On March 16, 2009, China’s Ministry of Commerce (“MOFCOM”) issued the Measures on the Administration of Overseas Investments (the “Measures”), replacing the regulations issued in 2004. The Measures apply to investments by entities established in China in non-financial enterprises outside China.
At the heart of the Measures is MOFCOM’s determination to focus the central government’s caseload on large scale or politically sensitive investments and allow other applications to be approved more easily. The 2004 framework authorized provincial level MOFCOM authorities to approve investments by enterprises under the local government in certain designated countries; investments in other locations or by enterprises under the central government required national level MOFCOM approval.
Under the Measures, applicants should instead follow one of three tracks, depending on the significance of the investment. A fast track applies for investments of less than US$10 million and which do not fall into the categories requiring provincial or central approval (see below). Such applications do not require a full review and should obtain approval within three business days after submission of an application form (but not full documentation) to either a provincial or the central MOFCOM bureau. On the second track, provincial MOFCOM bureaus may approve (i) investments of between US$10 million and US$100 million; (ii) investments in energy and natural resources and (iii) investments that involve “raising external funds” (a term left undefined by the Measures) within the PRC. Finally, central MOFCOM approval is required for investments that (i) are in an amount of US$100 million or more, (ii) involve the establishment of an overseas special purpose vehicle for the listing of PRC assets, (iii) involve the interests of several jurisdictions, (iv) are in designated jurisdictions (to be set forth in a separate list), or (v) are in jurisdictions without diplomatic relations with the PRC.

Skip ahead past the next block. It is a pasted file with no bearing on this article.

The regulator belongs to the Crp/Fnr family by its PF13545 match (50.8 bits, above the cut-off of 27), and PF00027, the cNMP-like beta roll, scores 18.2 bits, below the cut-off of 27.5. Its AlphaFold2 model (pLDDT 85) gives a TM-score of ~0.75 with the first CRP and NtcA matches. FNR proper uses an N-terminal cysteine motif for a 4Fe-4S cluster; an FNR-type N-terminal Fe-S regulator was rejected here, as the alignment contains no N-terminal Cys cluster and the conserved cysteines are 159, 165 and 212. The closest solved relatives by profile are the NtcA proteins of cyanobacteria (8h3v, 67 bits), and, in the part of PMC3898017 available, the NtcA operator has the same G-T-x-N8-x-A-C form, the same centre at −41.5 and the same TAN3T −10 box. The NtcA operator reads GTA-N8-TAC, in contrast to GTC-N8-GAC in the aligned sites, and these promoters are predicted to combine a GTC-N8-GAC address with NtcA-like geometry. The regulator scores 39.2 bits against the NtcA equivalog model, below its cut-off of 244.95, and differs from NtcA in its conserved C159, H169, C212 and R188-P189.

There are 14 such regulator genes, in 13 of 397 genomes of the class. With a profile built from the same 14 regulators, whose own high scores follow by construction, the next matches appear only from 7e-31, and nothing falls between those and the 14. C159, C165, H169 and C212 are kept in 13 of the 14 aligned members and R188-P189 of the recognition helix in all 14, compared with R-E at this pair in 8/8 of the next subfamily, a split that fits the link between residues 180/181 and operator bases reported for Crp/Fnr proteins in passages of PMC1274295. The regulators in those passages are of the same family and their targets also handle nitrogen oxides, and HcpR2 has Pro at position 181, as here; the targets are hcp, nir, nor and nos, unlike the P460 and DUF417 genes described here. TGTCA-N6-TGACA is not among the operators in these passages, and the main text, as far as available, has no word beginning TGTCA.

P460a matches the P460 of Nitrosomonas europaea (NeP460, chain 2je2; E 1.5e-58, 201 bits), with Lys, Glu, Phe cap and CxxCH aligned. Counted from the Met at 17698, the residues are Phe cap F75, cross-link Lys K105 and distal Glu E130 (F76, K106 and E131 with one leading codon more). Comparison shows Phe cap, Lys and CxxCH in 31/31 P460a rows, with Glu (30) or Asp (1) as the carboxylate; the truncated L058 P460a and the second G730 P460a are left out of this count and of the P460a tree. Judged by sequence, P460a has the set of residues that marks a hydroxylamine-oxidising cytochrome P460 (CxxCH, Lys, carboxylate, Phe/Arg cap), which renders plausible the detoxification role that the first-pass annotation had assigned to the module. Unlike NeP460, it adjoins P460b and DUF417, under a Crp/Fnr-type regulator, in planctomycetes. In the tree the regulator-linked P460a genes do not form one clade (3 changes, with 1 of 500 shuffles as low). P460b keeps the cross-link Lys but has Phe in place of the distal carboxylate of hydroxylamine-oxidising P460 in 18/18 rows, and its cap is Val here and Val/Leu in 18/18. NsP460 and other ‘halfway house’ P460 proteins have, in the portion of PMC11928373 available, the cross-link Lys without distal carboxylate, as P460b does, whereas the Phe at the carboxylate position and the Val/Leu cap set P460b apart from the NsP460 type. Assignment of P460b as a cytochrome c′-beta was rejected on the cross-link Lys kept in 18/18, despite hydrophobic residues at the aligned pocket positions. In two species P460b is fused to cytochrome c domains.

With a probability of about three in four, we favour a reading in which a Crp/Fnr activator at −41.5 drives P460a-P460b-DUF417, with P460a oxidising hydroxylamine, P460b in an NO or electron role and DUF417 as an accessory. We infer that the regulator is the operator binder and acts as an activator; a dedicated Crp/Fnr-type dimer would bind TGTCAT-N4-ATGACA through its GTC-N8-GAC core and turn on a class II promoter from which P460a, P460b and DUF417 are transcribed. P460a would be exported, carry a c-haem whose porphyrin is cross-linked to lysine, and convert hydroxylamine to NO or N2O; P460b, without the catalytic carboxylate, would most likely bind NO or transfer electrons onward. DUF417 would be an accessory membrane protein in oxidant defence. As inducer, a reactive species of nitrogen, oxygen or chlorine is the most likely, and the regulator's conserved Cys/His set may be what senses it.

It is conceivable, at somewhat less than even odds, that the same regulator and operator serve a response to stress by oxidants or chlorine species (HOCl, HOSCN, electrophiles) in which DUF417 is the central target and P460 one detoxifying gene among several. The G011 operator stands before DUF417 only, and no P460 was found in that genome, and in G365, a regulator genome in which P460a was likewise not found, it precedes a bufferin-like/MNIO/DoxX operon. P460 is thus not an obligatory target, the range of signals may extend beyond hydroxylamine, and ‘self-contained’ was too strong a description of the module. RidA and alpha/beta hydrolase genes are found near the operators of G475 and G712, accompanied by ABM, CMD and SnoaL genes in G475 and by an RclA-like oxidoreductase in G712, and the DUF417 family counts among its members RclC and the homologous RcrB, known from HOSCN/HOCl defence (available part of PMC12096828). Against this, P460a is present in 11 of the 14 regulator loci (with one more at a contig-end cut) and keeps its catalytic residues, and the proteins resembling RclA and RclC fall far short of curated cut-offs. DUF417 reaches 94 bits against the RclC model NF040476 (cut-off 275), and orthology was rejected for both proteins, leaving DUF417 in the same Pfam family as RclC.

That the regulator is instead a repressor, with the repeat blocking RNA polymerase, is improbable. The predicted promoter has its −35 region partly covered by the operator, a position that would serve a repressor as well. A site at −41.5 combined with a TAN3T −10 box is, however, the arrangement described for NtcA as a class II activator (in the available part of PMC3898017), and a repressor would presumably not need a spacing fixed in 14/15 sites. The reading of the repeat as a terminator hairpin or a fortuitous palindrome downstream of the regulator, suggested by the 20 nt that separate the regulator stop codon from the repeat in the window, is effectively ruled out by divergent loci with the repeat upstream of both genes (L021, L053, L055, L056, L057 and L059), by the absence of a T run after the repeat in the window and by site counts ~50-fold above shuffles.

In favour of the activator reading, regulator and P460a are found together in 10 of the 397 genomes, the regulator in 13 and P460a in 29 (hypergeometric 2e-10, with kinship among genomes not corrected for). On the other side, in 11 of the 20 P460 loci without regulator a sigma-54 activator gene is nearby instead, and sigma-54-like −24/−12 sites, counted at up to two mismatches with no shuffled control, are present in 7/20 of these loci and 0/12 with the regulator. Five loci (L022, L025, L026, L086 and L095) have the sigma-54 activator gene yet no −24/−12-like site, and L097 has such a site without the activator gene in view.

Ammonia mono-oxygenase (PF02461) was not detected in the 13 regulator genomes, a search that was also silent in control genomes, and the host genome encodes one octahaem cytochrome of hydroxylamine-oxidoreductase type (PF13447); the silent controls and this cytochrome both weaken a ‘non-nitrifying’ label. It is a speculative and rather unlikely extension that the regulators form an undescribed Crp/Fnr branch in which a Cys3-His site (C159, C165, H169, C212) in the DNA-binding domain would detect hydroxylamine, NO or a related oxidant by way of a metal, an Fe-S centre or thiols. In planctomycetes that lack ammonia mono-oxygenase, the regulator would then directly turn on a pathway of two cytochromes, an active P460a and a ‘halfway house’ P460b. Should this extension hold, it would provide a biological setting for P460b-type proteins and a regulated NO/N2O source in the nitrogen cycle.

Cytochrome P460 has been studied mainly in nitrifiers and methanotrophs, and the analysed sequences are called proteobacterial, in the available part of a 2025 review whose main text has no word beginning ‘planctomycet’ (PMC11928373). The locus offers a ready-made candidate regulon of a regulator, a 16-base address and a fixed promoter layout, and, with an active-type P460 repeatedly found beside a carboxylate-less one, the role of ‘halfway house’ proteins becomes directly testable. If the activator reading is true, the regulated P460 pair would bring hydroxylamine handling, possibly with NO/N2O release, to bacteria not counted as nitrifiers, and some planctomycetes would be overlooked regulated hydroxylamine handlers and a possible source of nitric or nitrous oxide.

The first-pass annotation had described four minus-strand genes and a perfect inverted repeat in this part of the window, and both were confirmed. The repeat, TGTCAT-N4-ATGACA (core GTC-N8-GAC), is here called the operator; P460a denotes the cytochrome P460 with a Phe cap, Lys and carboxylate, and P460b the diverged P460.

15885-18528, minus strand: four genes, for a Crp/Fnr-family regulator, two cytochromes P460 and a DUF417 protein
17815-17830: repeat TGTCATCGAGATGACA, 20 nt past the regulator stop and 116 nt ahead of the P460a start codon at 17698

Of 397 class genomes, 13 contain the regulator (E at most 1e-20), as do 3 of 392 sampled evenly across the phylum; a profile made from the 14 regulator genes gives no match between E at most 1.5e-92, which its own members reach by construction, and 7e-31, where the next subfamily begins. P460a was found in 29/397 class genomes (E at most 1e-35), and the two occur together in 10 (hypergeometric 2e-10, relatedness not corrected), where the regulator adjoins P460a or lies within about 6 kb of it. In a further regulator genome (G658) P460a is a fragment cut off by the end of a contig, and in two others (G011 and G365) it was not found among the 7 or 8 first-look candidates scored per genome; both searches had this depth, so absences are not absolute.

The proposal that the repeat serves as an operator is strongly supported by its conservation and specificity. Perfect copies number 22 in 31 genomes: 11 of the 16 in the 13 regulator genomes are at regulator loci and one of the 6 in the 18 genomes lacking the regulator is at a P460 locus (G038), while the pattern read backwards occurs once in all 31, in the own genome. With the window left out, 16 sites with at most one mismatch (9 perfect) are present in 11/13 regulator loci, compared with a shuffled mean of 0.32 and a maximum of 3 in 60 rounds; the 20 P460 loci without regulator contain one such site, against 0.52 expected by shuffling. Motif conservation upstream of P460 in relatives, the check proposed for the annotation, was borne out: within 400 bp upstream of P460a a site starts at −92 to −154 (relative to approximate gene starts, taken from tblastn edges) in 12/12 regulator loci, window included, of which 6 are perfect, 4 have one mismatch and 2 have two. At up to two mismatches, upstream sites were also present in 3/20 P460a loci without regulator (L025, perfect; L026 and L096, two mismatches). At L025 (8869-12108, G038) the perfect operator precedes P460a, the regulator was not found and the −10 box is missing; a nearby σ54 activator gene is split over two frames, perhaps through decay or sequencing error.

Despite the welcome clarifications and streamlining detailed above, the Measures may impose unanticipated barriers to outbound investment. For example, the Measures provide that any agreement relating to the outbound investment will only become effective once the relevant governmental approvals have been obtained and not upon execution. Careful drafting will be required to ensure that key contractual provisions retain their enforceability pending receipt of such approvals.